Books by Jeff Stone

PHOENIX by Jeff Stone
Released: Sept. 25, 2012

"A thrill ride from start to finish for fans of high-speed plank hurdles and scorpion kicks alike. (Fantasy. 11-13)"
Kung fu, bicycle racing and an ancient Chinese supersteroid provide the central elements for a spinoff series opener set in the modern era from the creator of the Five Ancestors heptalogy. Read full book review >
Released: March 14, 2006

The third volume of a projected seven in Stone's 17th-century kung-fu epic adds even more characters to an already-unwieldy cast but does move the plot forward an inch or so amid much journeying back and forth, continuing revelations about the parentage of the five young monks, violent encounters and astounding feats of martial arts. The focus here is on Seh, whose Snake style manifests itself in a secretive nature and great sensitivity to the "chi" of others. With fellow monks Fu and Malao, Seh witnesses the widespread destruction and other injustices sanctioned by the new Emperor, then travels to the city of Kaifeng where rebellion is brewing. Shot through with developing intrigues, sudden reversals and amusing, sometimes modern-sounding banter ("You think?"), this will go down as easily as a B-grade martial-arts flick—but despite frequent references to past events, it will be more comprehensible to readers of the preceding episodes. (Fantasy. 10-12)Read full book review >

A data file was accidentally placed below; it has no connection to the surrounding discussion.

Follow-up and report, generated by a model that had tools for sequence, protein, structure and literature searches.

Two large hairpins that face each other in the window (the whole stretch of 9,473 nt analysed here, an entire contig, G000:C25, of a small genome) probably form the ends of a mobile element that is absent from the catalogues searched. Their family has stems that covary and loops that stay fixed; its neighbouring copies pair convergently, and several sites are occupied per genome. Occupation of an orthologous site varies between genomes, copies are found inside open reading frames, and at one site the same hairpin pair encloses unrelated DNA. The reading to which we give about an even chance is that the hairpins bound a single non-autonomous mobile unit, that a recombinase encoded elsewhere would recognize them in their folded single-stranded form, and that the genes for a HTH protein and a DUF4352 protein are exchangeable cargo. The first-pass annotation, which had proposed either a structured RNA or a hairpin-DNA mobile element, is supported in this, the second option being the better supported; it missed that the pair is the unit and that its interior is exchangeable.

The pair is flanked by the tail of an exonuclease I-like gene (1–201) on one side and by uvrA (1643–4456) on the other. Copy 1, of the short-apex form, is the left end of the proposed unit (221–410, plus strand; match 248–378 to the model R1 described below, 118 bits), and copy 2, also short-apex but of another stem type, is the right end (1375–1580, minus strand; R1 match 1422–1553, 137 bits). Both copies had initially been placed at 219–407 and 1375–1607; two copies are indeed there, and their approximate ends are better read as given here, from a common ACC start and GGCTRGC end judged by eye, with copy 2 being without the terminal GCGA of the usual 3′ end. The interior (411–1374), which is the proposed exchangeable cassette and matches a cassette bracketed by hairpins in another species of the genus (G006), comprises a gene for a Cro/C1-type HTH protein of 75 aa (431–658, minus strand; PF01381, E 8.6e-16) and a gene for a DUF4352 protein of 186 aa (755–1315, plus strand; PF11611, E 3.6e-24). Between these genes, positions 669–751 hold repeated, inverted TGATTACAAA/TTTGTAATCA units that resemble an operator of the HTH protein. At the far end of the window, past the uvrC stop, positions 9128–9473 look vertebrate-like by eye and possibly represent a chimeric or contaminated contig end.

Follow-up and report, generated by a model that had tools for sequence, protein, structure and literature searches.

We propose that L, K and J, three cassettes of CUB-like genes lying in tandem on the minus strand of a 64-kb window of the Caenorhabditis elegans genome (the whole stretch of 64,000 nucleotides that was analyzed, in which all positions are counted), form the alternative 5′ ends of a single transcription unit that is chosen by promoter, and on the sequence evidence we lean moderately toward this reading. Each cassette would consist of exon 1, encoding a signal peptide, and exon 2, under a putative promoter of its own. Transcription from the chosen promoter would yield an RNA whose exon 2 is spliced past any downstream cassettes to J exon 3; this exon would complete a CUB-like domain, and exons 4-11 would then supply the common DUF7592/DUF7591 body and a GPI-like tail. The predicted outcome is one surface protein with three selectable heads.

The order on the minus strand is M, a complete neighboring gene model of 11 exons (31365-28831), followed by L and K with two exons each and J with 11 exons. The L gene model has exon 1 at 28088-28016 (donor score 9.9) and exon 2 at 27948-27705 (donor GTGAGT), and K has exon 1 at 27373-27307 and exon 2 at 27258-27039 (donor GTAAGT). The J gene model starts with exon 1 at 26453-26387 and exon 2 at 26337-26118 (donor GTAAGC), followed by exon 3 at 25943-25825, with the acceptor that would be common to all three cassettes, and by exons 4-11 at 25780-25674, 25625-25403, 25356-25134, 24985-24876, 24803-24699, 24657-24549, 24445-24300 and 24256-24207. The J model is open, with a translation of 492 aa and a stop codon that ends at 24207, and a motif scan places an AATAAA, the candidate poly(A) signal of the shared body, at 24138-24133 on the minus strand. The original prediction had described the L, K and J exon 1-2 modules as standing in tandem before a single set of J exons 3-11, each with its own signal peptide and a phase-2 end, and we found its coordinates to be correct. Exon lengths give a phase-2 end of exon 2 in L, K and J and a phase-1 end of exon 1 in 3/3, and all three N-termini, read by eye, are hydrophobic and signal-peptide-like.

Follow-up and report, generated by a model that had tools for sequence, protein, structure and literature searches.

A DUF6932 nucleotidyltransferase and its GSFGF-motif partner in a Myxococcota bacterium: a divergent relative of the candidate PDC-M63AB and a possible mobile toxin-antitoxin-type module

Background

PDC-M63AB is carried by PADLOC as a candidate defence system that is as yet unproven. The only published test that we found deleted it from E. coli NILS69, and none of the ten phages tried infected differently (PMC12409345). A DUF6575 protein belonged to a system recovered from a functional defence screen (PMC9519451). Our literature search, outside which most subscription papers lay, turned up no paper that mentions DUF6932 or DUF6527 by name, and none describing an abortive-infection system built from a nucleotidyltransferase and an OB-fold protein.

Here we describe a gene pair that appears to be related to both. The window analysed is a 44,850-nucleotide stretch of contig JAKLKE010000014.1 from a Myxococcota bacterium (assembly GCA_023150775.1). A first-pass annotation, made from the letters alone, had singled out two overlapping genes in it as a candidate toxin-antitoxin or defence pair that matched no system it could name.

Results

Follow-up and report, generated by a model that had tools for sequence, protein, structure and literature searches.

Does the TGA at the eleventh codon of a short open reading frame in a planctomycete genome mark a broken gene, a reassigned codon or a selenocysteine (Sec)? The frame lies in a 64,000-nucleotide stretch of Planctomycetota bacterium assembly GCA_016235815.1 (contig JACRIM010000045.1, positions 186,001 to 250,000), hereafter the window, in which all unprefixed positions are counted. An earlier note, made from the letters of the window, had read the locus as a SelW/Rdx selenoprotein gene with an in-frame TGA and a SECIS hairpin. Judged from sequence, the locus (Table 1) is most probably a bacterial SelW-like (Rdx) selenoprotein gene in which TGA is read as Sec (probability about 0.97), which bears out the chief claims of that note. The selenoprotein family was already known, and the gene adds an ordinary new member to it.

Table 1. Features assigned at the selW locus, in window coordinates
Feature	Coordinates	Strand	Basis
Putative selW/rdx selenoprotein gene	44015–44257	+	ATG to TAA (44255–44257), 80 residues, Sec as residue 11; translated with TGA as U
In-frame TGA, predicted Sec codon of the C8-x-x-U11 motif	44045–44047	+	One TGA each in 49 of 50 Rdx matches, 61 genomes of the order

Released: Sept. 27, 2005

The second in a projected set of interwoven kung-fu adventures revisits incidents from the previous episode, Tiger (p. 236), through the eyes of Malao ("Monkey" in Cantonese)—named after both the fighting style in which he's been trained, and his noisy, restless disposition. Here, he and fellow child monks in various combinations battle their renegade former leader Ying for possession of four scrolls containing mighty kung-fu secrets. Amid much treetop back and forth with a mysterious old macaque, Malao torments his companions with continual chaffing, while participating in hyper-complicated pranks and well-described battles marked by stunning physical feats; though the plot sometimes moves forward in fits and starts, action scenes are fast, furious and often comic. Stone tosses in hints of deeper intrigues, and closes with an inconclusive encounter with a powerful, super-fast new adversary. Stay tuned. Fine fare for fans of lower-budget martial arts films and graphic novels. (Fantasy. 10-12)Read full book review >
Released: March 22, 2005

Five young brothers, each master of a different kung fu style, flee the destruction of their hidden monastery in this unpolished but energetic martial-arts series opener. Here, Fu (Cantonese for "Tiger," as the author repeatedly explains), the largest and most hot-headed of the quintet, struggles to master both his temper and a host of soldiers led by older-brother-gone-to-the-bad Ying, while several times saving and losing a precious set of scrolls that lay out the deepest secrets of kung fu. Stone is better at describing gruesomely effective fighting techniques than at dialogue—"He let me loose, and now we're even. If he ever stands between me and the scrolls, he'll taste my fist!"—but fans of lower-budget martial-arts films, or for that matter the character interplay that animates Lensey Namioka's samurai adventures (which are set at roughly the same time), will find themselves on familiar ground. Readers hoping for the wild twists and epic sweep of L.G. Bass's Sign of the Qin (2004) may be disappointed, though, and several plot threads are left a-dangling. (Fiction. 11-13)Read full book review >